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UA News
From off the beaten path

Lisa Schumaier
By Lisa Schumaier
Arizona Daily Wildcat
Thursday September 26, 2002

I cannot wait to run somebody over tomorrow. The second my bike tire makes contact with the heel of whomever is in my way, I will laugh like the wicked witch in "The Wizard of Oz" when she has stolen Toto and is riding away with him in her basket. I will be riding away with the flesh of your much-needed appendage stuck in my spokes.

Pedestrians are in need of a major lesson, and bikers all over campus are going to teach you that lesson. College is not just about what you learn in class, but what knowledge you consistently bump into between classes. As denizens of the university community, pedestrian students are putting our unity at stake. They have created sidewalk rage and they have created the animosity that exists between bikers and pedestrians.

Bikers stick to standard bike procedure ¸ staying on the bike paths and going the speed limit. However, there is no such thing as standard walking procedure. Pedestrians stop as much as they want, when they want and where they want. Walkers, two words: domino effect.

One of the major safety issues that separate the two factions are cell phones. It is a known fact that bikers do not talk on these apparatuses of destruction while riding. However, the ten minutes in between classes is a cellular orgy for pedestrians.

People on one side of campus are gossiping with people on the other side of campus, and they act like whomever they are talking to must be giving them traffic instructions because you know they never look before stepping off the curb. If those people cause an accident, their bones heal, but bike frames do not.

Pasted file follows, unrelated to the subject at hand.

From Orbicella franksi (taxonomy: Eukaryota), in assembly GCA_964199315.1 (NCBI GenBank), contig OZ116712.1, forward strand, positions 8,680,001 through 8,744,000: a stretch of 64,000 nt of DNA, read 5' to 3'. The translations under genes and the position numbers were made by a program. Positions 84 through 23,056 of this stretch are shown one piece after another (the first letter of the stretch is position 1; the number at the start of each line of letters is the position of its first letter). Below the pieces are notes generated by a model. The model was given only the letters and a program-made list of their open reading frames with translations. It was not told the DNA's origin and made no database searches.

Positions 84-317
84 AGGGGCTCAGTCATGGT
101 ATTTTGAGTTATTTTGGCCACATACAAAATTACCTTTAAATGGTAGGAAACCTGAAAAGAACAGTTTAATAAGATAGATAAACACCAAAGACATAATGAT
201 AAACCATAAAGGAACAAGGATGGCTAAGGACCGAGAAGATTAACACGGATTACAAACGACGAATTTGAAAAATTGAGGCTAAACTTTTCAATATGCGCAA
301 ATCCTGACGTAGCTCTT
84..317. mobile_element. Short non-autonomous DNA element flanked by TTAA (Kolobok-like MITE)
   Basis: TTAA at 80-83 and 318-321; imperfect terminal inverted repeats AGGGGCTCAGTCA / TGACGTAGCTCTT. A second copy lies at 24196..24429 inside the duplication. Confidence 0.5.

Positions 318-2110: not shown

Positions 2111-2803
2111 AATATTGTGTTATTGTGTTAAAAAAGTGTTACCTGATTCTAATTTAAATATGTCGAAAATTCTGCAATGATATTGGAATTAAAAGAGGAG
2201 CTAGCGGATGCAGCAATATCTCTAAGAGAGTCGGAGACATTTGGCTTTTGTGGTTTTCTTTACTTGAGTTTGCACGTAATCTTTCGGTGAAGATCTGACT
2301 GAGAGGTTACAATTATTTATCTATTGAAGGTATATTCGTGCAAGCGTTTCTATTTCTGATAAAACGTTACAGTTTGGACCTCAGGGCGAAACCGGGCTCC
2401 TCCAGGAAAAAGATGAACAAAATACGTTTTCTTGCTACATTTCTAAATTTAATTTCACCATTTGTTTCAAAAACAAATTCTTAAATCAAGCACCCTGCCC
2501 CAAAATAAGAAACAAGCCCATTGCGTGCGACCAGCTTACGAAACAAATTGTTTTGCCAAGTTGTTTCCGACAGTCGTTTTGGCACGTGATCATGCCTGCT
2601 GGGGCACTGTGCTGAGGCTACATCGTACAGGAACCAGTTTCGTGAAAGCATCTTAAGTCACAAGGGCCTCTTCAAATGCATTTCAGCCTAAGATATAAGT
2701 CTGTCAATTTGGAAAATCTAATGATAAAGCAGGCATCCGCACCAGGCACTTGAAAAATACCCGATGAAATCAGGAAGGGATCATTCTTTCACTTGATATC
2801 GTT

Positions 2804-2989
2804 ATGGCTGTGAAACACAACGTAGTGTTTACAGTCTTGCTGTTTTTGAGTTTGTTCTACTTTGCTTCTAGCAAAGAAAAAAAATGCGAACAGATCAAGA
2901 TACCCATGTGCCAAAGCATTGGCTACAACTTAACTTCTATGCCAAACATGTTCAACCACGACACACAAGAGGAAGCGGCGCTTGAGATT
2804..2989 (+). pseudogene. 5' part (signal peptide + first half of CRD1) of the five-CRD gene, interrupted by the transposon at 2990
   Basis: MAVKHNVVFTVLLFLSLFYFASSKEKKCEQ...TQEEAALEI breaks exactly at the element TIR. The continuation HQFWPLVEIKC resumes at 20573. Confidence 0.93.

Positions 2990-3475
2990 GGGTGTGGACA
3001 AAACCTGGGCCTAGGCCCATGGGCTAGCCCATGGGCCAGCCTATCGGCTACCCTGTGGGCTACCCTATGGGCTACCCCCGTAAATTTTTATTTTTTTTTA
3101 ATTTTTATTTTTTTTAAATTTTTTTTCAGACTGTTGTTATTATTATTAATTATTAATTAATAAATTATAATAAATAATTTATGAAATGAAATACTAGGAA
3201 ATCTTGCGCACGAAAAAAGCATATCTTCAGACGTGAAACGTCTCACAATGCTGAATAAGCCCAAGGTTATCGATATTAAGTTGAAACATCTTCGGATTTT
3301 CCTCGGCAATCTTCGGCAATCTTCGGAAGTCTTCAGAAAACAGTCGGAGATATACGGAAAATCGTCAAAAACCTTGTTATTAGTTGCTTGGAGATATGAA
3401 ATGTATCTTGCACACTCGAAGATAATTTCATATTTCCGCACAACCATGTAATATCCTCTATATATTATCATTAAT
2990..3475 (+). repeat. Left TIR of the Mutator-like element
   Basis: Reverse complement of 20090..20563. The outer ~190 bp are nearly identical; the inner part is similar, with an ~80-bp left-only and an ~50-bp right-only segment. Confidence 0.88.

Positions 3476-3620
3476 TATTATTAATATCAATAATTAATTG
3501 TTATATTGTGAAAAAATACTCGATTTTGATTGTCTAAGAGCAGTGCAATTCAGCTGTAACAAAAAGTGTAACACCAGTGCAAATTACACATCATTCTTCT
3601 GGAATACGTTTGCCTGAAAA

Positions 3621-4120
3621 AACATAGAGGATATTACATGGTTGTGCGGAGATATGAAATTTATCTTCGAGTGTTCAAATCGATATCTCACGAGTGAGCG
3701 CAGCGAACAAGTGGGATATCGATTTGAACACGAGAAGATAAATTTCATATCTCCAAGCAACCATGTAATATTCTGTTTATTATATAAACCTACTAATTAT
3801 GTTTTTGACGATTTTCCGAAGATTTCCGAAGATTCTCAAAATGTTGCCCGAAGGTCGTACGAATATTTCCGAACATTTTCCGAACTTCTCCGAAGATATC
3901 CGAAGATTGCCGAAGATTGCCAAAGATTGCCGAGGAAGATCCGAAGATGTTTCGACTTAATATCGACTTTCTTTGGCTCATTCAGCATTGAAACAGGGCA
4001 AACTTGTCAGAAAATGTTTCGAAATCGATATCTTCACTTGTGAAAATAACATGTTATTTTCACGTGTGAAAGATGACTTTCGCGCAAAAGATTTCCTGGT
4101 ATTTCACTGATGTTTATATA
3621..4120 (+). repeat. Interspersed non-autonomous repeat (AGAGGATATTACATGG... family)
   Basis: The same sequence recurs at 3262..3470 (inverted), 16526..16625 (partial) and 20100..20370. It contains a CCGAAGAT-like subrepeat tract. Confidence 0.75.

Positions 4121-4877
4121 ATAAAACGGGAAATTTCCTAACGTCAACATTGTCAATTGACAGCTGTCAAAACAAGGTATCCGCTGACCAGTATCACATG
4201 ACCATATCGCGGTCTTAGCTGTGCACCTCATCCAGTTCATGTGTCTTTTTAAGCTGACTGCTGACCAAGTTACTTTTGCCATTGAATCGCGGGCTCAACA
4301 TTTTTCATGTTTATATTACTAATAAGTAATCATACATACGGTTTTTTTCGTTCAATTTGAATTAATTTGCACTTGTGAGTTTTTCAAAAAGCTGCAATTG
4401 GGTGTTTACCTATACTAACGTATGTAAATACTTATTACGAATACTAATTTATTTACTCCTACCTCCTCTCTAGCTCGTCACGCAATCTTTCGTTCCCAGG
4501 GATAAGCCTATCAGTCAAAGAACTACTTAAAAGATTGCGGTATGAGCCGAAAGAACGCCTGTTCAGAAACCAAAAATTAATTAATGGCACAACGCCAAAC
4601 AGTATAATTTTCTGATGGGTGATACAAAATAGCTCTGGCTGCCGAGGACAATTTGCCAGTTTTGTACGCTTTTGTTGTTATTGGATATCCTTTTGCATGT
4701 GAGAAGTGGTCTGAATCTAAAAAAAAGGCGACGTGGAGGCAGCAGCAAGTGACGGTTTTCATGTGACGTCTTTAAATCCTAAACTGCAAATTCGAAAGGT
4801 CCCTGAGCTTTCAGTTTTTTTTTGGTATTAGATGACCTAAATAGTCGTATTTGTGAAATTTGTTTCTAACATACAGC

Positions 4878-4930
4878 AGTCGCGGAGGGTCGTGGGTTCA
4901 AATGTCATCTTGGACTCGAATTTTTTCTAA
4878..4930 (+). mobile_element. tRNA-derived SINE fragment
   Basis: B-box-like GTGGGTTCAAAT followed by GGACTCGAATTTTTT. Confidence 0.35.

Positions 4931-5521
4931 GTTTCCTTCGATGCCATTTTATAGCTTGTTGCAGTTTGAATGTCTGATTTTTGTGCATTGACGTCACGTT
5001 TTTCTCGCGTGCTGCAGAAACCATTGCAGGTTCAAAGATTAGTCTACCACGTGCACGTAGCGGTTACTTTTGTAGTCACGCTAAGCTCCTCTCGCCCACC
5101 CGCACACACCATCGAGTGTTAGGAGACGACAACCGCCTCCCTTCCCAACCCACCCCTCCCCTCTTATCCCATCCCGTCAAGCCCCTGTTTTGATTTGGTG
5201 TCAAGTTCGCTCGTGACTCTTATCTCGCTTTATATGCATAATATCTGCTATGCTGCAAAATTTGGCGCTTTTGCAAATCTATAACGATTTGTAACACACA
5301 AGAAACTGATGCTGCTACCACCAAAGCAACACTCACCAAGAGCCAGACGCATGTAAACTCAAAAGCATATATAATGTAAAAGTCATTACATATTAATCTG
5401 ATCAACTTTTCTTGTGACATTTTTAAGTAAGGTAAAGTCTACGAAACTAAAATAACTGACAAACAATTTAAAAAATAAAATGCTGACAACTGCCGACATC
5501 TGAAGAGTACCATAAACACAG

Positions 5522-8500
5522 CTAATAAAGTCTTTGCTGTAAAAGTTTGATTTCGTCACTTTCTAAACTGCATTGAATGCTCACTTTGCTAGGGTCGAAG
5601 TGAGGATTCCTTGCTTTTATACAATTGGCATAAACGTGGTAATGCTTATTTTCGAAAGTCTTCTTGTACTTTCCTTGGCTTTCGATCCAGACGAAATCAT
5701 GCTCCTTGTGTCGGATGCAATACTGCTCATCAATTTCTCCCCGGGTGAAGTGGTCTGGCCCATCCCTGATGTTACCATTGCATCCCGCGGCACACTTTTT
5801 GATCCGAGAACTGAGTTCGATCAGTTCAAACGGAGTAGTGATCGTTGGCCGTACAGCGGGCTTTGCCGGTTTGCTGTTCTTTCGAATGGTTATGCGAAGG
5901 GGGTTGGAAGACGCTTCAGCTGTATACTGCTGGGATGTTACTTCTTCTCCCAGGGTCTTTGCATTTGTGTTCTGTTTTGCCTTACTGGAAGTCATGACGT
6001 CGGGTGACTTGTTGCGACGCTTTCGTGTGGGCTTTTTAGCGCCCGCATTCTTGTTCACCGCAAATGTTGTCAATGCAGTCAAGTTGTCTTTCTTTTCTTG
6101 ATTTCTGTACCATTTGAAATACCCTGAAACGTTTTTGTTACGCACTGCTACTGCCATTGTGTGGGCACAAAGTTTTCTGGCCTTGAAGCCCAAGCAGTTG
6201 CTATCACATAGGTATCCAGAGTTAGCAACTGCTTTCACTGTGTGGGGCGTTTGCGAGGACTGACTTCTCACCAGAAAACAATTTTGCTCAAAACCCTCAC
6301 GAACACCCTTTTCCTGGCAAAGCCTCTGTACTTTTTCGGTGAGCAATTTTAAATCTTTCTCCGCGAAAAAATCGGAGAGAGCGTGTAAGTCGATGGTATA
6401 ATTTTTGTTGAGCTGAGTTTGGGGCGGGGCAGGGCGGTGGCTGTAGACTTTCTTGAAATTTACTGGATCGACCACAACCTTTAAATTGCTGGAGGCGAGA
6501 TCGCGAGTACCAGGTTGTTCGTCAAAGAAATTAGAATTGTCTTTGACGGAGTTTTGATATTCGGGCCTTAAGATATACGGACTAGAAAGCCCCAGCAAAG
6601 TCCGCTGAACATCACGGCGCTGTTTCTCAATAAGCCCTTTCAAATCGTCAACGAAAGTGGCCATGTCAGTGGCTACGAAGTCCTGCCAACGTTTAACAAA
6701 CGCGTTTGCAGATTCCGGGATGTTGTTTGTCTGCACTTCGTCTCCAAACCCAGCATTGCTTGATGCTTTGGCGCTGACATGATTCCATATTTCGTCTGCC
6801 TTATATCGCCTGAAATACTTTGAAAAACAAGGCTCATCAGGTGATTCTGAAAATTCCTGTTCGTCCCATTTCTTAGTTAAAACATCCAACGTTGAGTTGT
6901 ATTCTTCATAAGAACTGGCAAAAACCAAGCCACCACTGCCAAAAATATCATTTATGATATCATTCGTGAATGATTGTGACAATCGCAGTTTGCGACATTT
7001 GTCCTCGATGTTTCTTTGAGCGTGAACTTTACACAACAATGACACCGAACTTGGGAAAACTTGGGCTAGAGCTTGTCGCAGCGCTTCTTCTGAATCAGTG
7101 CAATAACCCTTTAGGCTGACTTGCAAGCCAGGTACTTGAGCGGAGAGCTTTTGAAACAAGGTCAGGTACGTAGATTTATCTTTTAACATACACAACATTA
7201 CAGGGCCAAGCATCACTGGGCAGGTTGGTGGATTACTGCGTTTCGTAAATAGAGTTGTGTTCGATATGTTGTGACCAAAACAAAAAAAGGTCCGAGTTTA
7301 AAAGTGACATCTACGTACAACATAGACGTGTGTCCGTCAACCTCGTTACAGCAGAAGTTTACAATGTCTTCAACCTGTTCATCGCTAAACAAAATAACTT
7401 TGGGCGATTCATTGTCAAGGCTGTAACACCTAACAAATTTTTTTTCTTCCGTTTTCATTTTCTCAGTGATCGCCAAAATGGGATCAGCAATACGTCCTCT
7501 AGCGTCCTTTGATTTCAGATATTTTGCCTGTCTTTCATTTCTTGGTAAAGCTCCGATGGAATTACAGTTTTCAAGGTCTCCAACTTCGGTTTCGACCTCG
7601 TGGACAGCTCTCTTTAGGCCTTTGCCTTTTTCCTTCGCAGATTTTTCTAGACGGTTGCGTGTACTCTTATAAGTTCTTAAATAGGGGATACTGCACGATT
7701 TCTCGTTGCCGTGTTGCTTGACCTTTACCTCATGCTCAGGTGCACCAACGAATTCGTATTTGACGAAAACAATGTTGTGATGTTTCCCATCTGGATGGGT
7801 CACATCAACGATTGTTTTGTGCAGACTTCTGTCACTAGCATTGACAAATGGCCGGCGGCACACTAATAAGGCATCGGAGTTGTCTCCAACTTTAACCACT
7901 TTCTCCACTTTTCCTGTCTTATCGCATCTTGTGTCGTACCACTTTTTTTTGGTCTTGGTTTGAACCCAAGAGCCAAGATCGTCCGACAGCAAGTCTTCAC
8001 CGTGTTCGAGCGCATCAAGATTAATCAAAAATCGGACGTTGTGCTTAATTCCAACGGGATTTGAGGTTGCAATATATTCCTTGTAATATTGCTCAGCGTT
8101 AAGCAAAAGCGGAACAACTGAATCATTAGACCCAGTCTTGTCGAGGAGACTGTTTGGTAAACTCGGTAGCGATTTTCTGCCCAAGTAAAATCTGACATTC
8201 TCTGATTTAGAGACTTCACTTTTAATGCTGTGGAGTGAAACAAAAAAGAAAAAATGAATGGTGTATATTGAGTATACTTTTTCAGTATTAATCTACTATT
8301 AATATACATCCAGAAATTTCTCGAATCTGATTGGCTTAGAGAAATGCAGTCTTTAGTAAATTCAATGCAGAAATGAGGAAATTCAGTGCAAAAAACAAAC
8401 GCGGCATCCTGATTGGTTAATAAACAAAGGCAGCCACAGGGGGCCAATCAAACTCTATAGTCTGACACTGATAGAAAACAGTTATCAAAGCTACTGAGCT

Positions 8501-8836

Another typical scenario occurs on the bike paths. Walkers seem to think that the two asphalt lanes are simply extensions of their concrete sidewalks. Therefore, crossing the "sidewalk extensions" can be done without any forewarning and as often as the fascist foot soldiers see fit.

FYI to all walkers: The sidewalk is not a suggestion for pedestrians, just like the bike path is not a suggestion for bikers. No, let us call it the bike highway, and then people will realize the severity of crossing it at random.

Pedestrians are cattle. Riding my bike on campus is like driving on a dirt road in Central America. Cattle roam over and frequent the roads as if they were a green pasture. They have no concept of the dangers they put their herd in or the families behind the wheel. And I have seen girls haul in herds of 20 before. A polite "excuse me" does not suffice when confronting these types of cattle.

As of this moment, I am rusting my bike chain. My method of counter attack involves a conditioned stimuli of warning noise. Bikes are quiet and undisruptive in their innocence. Not for long. I have studied the golf carts and people get out of the way for them because they can hear the mechanical engine sound, which reminds them of the hierarchy of transportation. Pedestrians are on the bottom of the food chain.

One day soon, you all will be obliviously hoofing it to class, breaking laws each step as usual, and just when you start to make a sharp left onto the bike path you will hear a distant screeching that amplifies each millisecond more you think about marching across the battlefield.

The sound will be reminiscent of a rocking chair over broken glass, and you will turn around and see my mountain bike barreling toward you.

The difference is that tomorrow I will not stop to re-gather the contents of your backpack or help you find your other reef sandal.


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